1. Not Showering
“The most embarrassing symptom l live with is not having the motivation to get up and shower. My favorite things in life are showers and baths. My depression is so bad that l can’t even do that anymore. I’m being called lazy now, talked down [to] because l let myself go. l wish they could live in my head and body for a couple hours to see that it’s so much more than me being lazy.” — Kandis G.
“When I wake up, I just can’t find the energy to force myself and into the shower. I know it makes me look like a lazy bum, but it’s a real struggle every day.” — Billy P.
2. Low Sex Drive
“Sexual dysfunction/lack of desire. Also being overweight.” — Jerry F.
“When I was depressed, it was not being able to have sex… It ruined my life.” — Jazzae C.
3. Not Cleaning
“I never have the motivation to clean my apartment, so then it’s super embarrassing when friends or family want to come over.” — Julie S.
“Hoarding tendencies. I didn’t clean my house and it was pretty gross. I’ve recovered from that issue, but it’s a difficult thing to live down. I had to move to another state due my reputation with landlords in my hometown.” — Elizabeth B.
4. Lack of Dental Hygiene
“My gums are the most humiliating sign of my depression. When I’m well, I try and look after my hygiene, but my depressive episodes can go on for weeks meaning I can go for embarrassingly long times without brushing. My gum line has paid the price and I smile even less than before. It’s just another horrible physical reminder of how bad things are for so long and I cringe every time I go to brush.” — Emily M.
“My teeth. After my dad passed away, my depression got so bad that I all but gave up on self-care, and with already grinding them when I sleep, my teeth suffered tremendously for it. I have to have them taken out, and I’m not only scared of having it done — I’m terrified of dentists — but I can’t even afford to do it.” — Veronica S.
“I’m late for work almost every day. And I’ve already gotten a warning about it. But I just find it so difficult to get out of bed every morning. I want to do better and be responsible, but I just can’t get myself to get out of bed when I need to and it’s humiliating.” — Leanne D.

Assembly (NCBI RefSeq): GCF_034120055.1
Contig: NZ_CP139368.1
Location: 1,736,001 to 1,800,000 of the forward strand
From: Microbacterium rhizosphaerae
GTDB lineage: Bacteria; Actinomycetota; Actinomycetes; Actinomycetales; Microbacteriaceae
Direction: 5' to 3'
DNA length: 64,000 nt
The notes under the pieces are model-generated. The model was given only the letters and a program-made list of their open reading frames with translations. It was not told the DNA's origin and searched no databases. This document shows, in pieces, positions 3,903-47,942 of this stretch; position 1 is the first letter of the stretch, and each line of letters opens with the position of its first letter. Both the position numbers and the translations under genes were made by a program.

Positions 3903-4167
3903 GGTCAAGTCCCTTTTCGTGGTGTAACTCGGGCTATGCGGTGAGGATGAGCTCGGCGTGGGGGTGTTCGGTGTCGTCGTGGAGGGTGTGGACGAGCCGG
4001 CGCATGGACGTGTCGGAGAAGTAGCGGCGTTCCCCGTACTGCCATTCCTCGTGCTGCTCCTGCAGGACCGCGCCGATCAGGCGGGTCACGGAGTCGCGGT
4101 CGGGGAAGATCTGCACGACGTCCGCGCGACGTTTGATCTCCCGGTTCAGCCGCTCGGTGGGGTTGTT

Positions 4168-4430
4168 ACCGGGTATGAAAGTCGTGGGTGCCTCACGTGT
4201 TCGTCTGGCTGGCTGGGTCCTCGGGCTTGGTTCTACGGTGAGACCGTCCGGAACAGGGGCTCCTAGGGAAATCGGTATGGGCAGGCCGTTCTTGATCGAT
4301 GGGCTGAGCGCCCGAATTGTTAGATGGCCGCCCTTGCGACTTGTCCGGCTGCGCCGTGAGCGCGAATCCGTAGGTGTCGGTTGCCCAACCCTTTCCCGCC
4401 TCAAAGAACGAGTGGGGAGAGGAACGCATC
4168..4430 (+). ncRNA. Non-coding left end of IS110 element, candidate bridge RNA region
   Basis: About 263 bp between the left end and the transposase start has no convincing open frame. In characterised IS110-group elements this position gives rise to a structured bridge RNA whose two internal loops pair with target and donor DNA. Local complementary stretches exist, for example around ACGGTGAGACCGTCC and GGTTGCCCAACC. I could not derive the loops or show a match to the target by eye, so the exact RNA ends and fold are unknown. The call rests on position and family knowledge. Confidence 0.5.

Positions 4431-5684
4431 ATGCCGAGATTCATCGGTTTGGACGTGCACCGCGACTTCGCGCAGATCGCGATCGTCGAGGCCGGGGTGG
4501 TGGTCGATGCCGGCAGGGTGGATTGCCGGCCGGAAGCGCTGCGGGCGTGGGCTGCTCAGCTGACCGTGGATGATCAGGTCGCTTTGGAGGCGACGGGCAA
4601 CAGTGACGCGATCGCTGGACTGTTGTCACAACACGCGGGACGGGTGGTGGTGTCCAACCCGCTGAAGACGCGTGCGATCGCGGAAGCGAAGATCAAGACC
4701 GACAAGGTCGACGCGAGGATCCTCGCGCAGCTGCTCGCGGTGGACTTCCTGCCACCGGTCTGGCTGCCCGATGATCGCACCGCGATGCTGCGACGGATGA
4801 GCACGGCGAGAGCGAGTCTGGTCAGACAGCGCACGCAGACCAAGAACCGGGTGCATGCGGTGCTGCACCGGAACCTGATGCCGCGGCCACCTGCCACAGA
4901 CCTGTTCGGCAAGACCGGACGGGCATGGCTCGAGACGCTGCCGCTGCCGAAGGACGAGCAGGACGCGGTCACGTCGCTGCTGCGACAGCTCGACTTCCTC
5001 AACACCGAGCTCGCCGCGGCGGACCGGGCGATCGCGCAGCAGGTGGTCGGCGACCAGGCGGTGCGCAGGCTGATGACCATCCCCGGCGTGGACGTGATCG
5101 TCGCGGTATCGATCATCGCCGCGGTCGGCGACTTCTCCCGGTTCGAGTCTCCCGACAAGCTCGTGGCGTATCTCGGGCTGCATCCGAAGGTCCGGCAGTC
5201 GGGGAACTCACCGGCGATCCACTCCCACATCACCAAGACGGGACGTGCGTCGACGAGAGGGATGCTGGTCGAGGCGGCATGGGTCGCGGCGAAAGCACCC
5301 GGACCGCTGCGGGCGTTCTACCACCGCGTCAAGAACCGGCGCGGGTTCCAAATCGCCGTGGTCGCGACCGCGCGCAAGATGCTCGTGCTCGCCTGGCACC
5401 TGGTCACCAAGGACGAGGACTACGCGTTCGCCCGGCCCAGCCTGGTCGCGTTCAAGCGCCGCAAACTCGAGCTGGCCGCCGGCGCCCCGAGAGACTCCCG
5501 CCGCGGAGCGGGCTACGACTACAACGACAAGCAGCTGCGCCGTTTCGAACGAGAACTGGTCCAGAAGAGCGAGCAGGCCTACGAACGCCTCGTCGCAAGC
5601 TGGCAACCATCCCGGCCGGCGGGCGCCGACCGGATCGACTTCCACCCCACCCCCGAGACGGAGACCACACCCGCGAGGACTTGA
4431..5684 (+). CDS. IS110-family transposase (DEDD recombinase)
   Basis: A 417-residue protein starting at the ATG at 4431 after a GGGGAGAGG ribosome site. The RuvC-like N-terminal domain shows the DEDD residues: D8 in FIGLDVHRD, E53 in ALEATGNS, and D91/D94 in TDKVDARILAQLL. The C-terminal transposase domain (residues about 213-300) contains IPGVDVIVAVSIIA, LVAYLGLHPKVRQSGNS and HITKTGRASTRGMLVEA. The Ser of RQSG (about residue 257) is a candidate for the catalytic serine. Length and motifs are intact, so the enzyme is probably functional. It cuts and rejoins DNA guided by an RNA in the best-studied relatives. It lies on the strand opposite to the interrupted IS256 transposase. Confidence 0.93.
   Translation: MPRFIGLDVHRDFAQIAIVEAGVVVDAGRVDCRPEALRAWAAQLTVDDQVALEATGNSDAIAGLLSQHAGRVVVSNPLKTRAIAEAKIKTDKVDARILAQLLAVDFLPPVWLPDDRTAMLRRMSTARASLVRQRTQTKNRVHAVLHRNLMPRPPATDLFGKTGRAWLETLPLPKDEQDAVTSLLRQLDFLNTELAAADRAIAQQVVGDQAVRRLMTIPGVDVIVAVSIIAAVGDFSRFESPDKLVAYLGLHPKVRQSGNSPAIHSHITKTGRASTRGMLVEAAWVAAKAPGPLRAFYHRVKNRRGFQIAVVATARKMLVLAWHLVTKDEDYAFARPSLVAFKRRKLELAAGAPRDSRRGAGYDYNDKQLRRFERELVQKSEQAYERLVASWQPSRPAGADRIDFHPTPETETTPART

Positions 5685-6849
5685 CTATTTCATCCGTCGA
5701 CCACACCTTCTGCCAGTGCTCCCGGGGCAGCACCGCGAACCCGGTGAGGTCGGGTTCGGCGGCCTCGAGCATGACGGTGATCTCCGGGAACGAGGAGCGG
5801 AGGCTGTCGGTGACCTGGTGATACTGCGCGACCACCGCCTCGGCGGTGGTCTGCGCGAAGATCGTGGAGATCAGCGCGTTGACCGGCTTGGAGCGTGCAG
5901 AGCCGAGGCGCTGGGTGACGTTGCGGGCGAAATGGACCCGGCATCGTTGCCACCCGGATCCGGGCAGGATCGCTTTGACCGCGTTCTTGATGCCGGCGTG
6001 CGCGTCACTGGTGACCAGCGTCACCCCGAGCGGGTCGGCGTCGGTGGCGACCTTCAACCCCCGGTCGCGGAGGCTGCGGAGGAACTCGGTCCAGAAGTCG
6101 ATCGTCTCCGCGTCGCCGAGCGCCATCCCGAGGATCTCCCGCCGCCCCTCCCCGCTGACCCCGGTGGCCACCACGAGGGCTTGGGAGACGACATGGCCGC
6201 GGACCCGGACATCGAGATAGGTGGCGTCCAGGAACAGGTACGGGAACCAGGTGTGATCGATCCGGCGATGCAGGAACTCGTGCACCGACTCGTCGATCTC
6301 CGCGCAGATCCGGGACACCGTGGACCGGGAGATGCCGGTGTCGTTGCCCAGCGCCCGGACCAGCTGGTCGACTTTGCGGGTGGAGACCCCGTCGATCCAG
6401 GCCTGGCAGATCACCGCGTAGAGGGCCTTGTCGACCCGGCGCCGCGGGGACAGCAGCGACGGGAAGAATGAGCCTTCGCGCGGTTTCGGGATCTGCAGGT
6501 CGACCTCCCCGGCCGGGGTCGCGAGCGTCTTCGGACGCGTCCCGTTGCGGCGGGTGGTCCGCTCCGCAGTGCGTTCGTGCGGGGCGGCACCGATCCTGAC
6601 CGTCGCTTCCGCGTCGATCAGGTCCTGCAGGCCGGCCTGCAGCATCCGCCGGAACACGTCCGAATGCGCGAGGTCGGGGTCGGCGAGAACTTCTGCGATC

“Waking up late. It’s a work in progress with my therapist. People say it’s because I’m lazy or tired, but sometimes I can’t find the meaning of living.” — Sara L.
6. “Flaking” on Plans
“Being flaky with plans. I am incredibly unreliable. I will make plans and will cancel last minute — a lot. There are different reasons — exhaustion, low confidence, fear, feeling overwhelmed — all from depression (or anxiety – so awful having both).” — Angela H.
“Having to cancel my plans simply because I don’t have the energy to go. Over and over and over again. Also, not answering the phone. My friends and family have a hard time getting that I’m not doing it because I’m lazy, selfish or to hurt them. It’s literally because I am emotionally exhausted.” — Alea D.
7. Not Knowing When You’ll Cry Next
“I get made fun of for being a ‘cry baby.’ Everything makes me cry… [When watching] commercials — even if I’ve see it a million times — I cry. I’m very emotional, and people tend to poke fun at me about it. I hate it. I wish I could stop crying at every. Single. Thing.” — Rochelle W.
“Sometimes I just cry. For no reason at all. I’ll be out in public and something will set me off and I’ll just cry, it makes other people uncomfortable and I get embarrassed.” — Kaitlyn C.
“When I go through an episode, I’m always so overemotional. Apparently it shows all over my face, so when I get asked if I’m OK, I almost always burst into tears.” — Victoria M.
8. Brain Fog
“Brain fog. I mix up where I have to be and what’s going on next even if I have the same schedule regularly and keep my planner updated. It’s frustrating, embarrassing and even people who know about my depression don’t understand that my “forgetfulness” isn’t just me blowing them off or failing to prioritize. No matter [what] I do, when the fog is thick, there will be brain glitches especially in focus and memory.” — Lydia H.
9. Weight Change
“Being overweight. The more depressed I am, the bigger I get. Which has created a vicious circle. I don’t intend to be mean to anyone else, I just know that for me, this is an embarrassing and physically difficult thing.” — Amanda E.
“I turn to easy meals, which unfortunately consist of fast food and TV dinners, because I’m too depressed to take the time to make something else. Then come the pounds, and then more depression. I don’t go out much since I’m embarrassed about my weight, which keeps me indoors and isolated even more.” — Jennifer K.
10. Feeling Tired All the Time
“I’m tired all the time. I can get eight hours of sleep or 14 hours of sleep and I will still be tired. No matter what I do, I can’t stop yawning.” — Cora H.
“Anytime I mention that I was in bed till 2 p.m. or I’ve been sleeping all day, people look at me like I’m lazy or say, ‘Just wait till you have kids.’ I’m exhausted. I can’t help it. I’m not choosing to be this way.” — Katie B.
11. Not Being Able to Work Full-Time